This book investigates the declining status of cricket within contemporary British society after the high-water mark of England’s Ashes victory in 2005. It considers the deep roots of the game within British national life as well as its ever-changing nature, and reflects upon the current significance and relevance of a sport that many still perceive as deeply traditional and conservative in outlook.
Adopting a socio-political approach, the book offers new perspectives on both the contemporary realities of modern cricket and the social, cultural and political condition of modern Britain. Rather than focusing on personality and the detail of match history, the book looks at how the sport has coped with wider societal changes, such as those in Afro-Caribbean and South Asian communities, and how this has demanded adaptation by cricket’s governing authorities. The book also considers the international context in which the game continues to develop and how the initiative with new formats such as Twenty20 has been lost to other cricketing nations, and it offers insight into the continued expansion and recent professionalization of the women’s game, hinting at ways in which cricket as a whole could recapture the public’s imagination.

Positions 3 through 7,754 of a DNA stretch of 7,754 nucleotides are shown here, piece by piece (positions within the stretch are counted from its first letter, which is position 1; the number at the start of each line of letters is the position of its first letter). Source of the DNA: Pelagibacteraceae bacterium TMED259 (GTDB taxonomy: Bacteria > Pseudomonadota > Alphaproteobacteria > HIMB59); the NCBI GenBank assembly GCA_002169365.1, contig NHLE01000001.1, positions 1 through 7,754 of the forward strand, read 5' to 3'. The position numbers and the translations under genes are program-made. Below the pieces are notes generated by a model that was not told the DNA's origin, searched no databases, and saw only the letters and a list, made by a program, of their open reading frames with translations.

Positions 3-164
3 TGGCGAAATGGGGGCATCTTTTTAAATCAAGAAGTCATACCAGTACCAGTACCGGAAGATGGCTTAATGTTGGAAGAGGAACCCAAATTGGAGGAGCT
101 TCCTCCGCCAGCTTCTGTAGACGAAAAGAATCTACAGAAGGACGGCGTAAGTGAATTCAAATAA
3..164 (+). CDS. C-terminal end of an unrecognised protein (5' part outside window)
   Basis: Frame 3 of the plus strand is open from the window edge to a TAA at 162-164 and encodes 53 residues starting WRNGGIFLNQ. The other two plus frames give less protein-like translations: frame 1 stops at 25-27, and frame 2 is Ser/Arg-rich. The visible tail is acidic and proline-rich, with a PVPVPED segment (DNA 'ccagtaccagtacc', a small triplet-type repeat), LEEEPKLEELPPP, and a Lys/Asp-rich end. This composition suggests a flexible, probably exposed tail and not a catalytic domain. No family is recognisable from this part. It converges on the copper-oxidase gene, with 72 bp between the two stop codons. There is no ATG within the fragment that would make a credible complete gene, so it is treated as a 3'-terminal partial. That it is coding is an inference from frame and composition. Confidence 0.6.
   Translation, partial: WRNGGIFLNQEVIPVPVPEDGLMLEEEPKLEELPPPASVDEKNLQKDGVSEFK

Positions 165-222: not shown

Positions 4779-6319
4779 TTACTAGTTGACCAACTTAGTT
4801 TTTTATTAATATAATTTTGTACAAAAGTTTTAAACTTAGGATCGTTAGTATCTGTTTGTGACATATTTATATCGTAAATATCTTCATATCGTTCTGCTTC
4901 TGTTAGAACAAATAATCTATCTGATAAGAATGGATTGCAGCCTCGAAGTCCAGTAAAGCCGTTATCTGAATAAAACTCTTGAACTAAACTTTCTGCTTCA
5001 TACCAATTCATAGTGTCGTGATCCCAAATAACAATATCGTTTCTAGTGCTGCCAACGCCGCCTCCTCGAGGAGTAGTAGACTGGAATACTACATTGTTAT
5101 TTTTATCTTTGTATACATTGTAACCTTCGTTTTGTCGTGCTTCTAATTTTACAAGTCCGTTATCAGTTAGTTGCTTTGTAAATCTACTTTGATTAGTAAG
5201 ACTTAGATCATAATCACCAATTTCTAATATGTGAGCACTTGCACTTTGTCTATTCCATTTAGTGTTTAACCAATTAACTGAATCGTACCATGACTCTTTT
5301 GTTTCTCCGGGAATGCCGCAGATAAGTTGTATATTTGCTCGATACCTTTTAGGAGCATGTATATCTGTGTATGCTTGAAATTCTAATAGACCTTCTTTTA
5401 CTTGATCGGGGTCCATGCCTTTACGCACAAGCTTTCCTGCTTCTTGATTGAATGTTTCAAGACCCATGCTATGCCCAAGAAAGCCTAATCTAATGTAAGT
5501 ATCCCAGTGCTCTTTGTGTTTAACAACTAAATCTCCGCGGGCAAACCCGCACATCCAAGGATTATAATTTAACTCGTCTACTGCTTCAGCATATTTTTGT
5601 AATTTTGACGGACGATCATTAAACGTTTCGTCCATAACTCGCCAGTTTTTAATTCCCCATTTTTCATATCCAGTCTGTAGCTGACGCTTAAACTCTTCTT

Cricket and Contemporary Society in Britain is an invaluable resource for those studying the sociology of sport, sport history, cultural studies, the politics of sport, cultural identity, sport management and sport development. It is also a fascinating read for anybody with an interest in cricket or in the value of sport in an era of rapid socio-economic, political and cultural change.
Table of Contents
1 Introduction and Framework for Discussion
2 The Depths of 1999 and the Rehabilitation of Cricket
3 Impact of the 2005 Ashes Victory
4 Cricket and Identity: Some Geographical Reflections
5 Cricket and the British Afro-Caribbean Community: Losing the Heritage
6 Realising the Power of the South Asian Community
7 Twenty20: Cricket’s 21st Century Revolution
8 Comparing the British Cricketing Experience
9 The Advance of Women’s Cricket
10 Concluding Remarks
Russell Holden is a lecturer, writer, researcher and broadcaster having written and taught widely on the sociology of sport, with a particular interest in the role and value of cricket in contemporary life. He launched In the Zone Sport and Politics Consultancy, an organization based in Wales, working both in the UK and overseas, which is dedicated to exploring the many and varied interconnections between sport and politics, straddling issues of identity, nationalism, human rights, gender and reconciliation.